Chemical Conversations: European Polyolefins Contract Pricing

Author Argus

James Elliott, talks to polyolefins experts Alex Sands and Sam Hashmi about European polyolefins contract pricing, including insights on:

  • October contract price settlements and early indicators for November
  • Why we had to wait several days for the November ethylene and propylene settlements and what this means for PE and PP
  • What the latest electricity prices mean for polyolefins costs and margins
  • The Argus contract price methodology and why it doesn’t include energy surcharges

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Transcript

Good Morning and Good afternoon. Welcome to this "Chemical Conversations" podcast on the polyolefins markets in Europe brought to you by Argus Media. I'm James Elliott, Business Development Manager for European Chemicals at Argus and I'm joined by Alex Sands, Senior European Editor from our Chemicals business, and Sam Hashmi, Global PP Editor.

Hi Gentlemen.

JE: Sam, can you set the scene for where our October price settlements settled first of all …

SH: October marked something of a turning point with the first increase in contract prices since April. This also came despite falls in the monomer settlements for October. Producers took a firmer stance on recovering, or at least preventing further declines in their margins. Largely as a result of the higher electricity costs. Now, these electricity costs have historically been relatively stable and a small part of their costs, but with recent increases, they had quite an impact on producers’ margins. There was still a mixed picture on contract settlements in October, with some buyers insistent on decreases and others accepting additional electricity charges proposed by producers in full. In most cases, the settlement fell somewhere in between. This left Argus price markers for European contracts on PE between 1415 for HDPE, 1585 for LLDPE butene and 1775 for LDPE, before any discounts. In polypropylene, homopolymer and copolymer contract markers were at €1505/t and 1575/t, respectively, again before discounts.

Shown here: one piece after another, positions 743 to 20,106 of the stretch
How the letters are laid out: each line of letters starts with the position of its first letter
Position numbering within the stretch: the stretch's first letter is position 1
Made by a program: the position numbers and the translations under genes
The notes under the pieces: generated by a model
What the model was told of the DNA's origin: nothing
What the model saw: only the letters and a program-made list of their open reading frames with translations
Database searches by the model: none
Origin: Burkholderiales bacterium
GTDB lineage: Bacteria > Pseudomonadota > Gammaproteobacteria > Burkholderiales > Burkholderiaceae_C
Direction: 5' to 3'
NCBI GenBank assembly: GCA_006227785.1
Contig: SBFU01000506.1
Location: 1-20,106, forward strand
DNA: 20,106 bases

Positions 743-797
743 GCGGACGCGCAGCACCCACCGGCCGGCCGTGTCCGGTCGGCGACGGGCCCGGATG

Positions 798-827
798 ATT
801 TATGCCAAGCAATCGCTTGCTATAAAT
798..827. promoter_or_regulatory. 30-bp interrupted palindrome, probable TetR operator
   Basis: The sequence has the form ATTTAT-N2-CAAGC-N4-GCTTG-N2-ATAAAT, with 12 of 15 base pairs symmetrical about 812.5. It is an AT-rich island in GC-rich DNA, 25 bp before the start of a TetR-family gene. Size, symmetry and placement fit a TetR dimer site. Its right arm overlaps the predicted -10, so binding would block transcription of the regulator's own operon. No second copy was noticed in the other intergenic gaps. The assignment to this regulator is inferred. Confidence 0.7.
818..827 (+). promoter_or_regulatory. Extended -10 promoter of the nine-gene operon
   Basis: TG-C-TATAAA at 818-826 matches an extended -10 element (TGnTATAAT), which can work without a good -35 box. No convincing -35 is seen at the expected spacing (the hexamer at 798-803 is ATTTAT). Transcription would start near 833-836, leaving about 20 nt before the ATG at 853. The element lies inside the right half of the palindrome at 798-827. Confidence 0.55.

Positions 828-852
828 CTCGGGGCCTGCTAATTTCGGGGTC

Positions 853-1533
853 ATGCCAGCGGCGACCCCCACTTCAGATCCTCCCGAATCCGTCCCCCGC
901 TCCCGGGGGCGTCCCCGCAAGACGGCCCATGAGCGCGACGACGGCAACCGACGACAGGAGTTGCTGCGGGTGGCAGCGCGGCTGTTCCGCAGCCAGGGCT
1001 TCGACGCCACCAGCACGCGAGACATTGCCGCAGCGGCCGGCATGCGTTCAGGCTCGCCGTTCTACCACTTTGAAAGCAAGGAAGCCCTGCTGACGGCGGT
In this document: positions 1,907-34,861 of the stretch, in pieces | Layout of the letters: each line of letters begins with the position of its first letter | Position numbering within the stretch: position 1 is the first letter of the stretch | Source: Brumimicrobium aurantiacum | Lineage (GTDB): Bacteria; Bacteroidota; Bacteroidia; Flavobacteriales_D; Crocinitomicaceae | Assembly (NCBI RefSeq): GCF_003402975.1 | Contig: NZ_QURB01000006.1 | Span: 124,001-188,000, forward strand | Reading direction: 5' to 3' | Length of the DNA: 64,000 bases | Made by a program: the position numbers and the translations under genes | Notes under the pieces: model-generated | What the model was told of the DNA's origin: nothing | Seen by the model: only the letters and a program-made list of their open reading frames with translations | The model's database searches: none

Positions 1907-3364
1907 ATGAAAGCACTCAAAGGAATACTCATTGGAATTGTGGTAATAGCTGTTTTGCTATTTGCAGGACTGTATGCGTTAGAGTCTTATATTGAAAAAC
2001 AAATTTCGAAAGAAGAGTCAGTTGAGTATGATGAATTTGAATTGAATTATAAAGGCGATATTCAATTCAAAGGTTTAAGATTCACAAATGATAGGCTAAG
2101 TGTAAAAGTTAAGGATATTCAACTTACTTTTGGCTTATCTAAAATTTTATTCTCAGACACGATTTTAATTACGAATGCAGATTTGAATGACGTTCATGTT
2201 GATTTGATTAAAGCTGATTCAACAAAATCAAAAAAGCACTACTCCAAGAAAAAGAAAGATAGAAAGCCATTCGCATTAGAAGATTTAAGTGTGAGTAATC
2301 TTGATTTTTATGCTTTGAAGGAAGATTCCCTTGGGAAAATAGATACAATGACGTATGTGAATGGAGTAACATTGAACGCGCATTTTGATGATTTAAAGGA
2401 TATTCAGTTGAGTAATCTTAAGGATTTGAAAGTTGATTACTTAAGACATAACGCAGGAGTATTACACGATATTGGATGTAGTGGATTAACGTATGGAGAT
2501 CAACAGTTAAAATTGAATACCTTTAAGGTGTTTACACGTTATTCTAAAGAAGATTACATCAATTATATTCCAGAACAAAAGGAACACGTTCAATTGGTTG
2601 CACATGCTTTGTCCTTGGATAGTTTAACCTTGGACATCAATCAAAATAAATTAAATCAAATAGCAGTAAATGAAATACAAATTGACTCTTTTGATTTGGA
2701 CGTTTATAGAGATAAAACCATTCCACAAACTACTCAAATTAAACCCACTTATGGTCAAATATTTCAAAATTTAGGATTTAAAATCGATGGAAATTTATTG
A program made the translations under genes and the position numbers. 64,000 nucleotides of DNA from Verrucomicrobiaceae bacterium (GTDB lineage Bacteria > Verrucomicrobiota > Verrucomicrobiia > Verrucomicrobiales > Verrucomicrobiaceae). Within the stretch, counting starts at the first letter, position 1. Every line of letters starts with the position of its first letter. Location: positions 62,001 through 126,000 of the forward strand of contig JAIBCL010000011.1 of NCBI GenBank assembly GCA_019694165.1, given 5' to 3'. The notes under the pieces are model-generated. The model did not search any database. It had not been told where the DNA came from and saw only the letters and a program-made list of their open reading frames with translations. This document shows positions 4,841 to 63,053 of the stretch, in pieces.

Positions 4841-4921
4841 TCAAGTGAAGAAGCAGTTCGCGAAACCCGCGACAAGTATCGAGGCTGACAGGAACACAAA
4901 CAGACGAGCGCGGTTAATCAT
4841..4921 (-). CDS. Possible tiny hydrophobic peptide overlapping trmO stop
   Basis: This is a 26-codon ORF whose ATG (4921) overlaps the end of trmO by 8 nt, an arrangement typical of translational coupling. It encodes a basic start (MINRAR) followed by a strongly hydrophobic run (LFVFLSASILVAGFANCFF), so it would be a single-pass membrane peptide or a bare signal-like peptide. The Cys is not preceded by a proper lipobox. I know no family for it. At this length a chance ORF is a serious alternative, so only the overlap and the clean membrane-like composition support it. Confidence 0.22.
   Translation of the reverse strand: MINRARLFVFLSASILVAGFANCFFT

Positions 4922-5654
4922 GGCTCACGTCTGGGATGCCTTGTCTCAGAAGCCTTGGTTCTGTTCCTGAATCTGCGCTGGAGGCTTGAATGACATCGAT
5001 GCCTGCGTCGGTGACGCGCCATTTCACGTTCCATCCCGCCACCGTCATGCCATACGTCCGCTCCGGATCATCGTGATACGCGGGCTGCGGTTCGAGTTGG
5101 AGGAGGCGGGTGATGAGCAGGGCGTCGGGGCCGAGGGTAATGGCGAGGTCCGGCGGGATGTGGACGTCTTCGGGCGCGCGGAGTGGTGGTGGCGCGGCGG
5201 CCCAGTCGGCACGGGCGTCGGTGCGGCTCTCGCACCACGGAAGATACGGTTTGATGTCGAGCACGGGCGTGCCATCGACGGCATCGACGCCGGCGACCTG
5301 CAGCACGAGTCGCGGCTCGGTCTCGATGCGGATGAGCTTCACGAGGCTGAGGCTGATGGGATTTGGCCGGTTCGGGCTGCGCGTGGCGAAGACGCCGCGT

JE: Alex, for the upstream side to polymers we had to wait several days before the ethylene and propylene settlements for November were known. What was going on?

AS: Hi James, indeed it was unusual that we had to wait until the 3rd and 4th of the month to hear where the monomer contracts were headed. While some public holidays in parts of Europe contributed to the delays, they really reflected the challenging market situation as participants struggled to reconcile the challenges of weak demand, higher energy costs and slim or even negative margins in parts of the product chains.